With now almost 40 years on the ICUN’s endangered and critically endangered list there have been attempts at conservation. Two of these methods include translocation and vaccination. Translocation was used in the past with mixed results, some seals survived while others unfortunately did not. Schultz, Baker et al 2011 write about using genetics among other factors to see if a population is more likely to have long term success with translocation. If subpopulations have a wide genetic diversity and many genetic differences between them, then translocation may not be the best solution and could potentially produce unfit individuals. On the other hand, less genetically diverse subpopulations would have a higher success rate with fit individuals through translocation. Hawaiian monk seals were thought to have had separate subpopulations throughout the archipelago, due to the spatial distance between the islands. After genetic analysis of over 1800 individuals over 13 years Schultz, Baker et al 2011 found that the subpopulations are genetically not statistically different, they in fact, comprise of a single population. This is good news for translocation, it could be an effective means of conservation if the new location is suitable. Norris, Littnan et al. (2017) supports Schultz’s findings. Weanling seals just learning how to hunt on their own were translocated to a new island that had an abundant amount of food and few seals. The habitat was also ideal, providing adequate depth, and bottom type for both young and adult seals to hunt successfully. There was a small difference between the resident and translocated seal survival into adulthood. This survival rate is an essential marker for a translocation program. Translocation is a great way to increase numbers and repopulate suitable locations, but other conservation methods may be equally, if not more, important to a population’s survival.

Figure 3: Stacie Robinson, a biologist with the National Oceanic and Atmospheric Administration in Honolulu, vaccinates a Hawaiian monk seal basking on the island of Oahu. (Malakoff 2016)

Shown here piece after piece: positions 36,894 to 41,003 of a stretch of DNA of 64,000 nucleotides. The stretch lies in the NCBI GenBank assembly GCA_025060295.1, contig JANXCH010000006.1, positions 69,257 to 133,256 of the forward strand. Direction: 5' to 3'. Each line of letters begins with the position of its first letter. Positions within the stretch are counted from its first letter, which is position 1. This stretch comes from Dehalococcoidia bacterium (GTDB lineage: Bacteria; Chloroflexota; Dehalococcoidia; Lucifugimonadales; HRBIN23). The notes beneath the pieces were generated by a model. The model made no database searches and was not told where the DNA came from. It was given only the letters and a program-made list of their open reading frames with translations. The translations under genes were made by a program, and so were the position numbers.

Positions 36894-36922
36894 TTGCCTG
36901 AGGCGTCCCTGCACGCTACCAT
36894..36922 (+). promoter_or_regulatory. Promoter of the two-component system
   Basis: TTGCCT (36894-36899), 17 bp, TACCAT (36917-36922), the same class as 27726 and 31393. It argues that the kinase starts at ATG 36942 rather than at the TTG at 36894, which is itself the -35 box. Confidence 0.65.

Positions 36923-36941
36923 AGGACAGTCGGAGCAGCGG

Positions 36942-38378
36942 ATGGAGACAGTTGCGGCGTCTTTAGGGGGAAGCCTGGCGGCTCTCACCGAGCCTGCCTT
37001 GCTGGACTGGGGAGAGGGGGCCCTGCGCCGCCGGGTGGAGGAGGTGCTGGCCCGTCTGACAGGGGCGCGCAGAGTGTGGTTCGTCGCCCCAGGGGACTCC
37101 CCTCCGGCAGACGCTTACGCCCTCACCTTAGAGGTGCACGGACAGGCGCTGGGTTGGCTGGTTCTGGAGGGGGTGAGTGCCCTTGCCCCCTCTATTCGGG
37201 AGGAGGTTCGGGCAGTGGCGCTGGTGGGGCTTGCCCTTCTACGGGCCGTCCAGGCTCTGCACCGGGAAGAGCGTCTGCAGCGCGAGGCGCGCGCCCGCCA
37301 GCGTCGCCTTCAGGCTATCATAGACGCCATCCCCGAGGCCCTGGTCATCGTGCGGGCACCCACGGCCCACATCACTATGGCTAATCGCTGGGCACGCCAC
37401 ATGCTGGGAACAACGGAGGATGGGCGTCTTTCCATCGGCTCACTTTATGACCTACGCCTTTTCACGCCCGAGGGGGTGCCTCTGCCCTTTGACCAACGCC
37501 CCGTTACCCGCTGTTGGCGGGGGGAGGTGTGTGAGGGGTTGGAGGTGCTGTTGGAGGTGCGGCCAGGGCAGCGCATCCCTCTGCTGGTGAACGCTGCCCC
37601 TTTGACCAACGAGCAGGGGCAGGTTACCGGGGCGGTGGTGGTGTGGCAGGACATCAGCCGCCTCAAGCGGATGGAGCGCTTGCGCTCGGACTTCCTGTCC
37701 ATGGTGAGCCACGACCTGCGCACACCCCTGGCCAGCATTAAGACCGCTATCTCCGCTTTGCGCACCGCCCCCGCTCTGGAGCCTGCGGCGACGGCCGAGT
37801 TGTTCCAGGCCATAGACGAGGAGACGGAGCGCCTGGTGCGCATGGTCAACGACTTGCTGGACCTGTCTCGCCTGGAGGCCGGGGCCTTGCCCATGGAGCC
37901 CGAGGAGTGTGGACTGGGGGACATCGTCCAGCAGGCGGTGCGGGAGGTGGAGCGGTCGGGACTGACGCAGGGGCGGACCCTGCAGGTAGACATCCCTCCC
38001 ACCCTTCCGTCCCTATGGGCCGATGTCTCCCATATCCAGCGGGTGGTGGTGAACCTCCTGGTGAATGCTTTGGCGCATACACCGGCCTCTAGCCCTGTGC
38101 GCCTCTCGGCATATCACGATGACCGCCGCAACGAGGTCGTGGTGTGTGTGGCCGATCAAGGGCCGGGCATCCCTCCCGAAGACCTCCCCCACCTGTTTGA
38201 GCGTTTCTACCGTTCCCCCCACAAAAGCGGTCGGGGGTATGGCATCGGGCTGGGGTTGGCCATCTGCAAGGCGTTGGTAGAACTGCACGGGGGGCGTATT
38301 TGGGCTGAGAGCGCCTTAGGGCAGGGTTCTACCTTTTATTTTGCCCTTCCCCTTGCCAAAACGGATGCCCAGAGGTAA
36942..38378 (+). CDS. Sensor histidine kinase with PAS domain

For the first time ever, a wild population of marine mammals is receiving a vaccine to prevent disease (Malakoff 2016). This has previously occurred in the terrestrial environment mainly to prevent the spreading of rabies in racoons and fox, but never in free-living marine mammals. The lack of genetic diversity, low population, and isolation the Hawaiian monk seal experiences makes it extremely susceptible to infection. But, these factors also make the seals a prime candidate for this vaccine. Scientists are wary of the spread of viruses in the Morbillivirus family. This genus of viruses has killed tens of thousands of seals and porpoises in the Atlantic Ocean. These viruses are easily spread and are possibly carried to the Hawaiian Islands by whales, stray seals and dogs. An outbreak among the monk seals could prove deadly and cause devastating decreases in an already struggling population. The vaccine is targeting the phocine distemper virus (PDV), which needs two shots, a first dose and then a booster 4-6 weeks later. The seals habits of “hauling out”, lying on the beach and rocks, their numbered tags, small population size and unique markings help with the recapture needed to complete the vaccine. Before the vaccines were implemented, model simulations of different scenarios were run to see if preventative vaccination would be worthwhile. Baker, Harting et al. (2017) along with Malakoff (2016) determined that preventative vaccination is the most effective way of protecting these seals from an Morbillivirus outbreak. In 2016, scientists started to vaccinate individuals at the Oahu “haul out”, as this is a midpoint between the subpopulations. 60% of the overall population would need to be vaccinated in order to prevent a local outbreak of PDV. Malakoff (2016) and Baker, Harting et al. (2017) provide some limitations to the vaccines. For future seals to be immune the vaccine will need to be continued and new pups will need to be vaccinated. These vaccines are not always available and are limited in quantity. To get to the seals, scientists must walk through tide pools and over lava rock which can be dangerous especially when dealing with wild animals. The vaccine takes over a month to provide protection which leaves the seals vulnerable. Also, the vaccines currently being used are for a different strain of PDV so this effort could be futile. Either way, this is a milestone for conservation and could be the protection the Hawaiian monk seals need to build a successful future.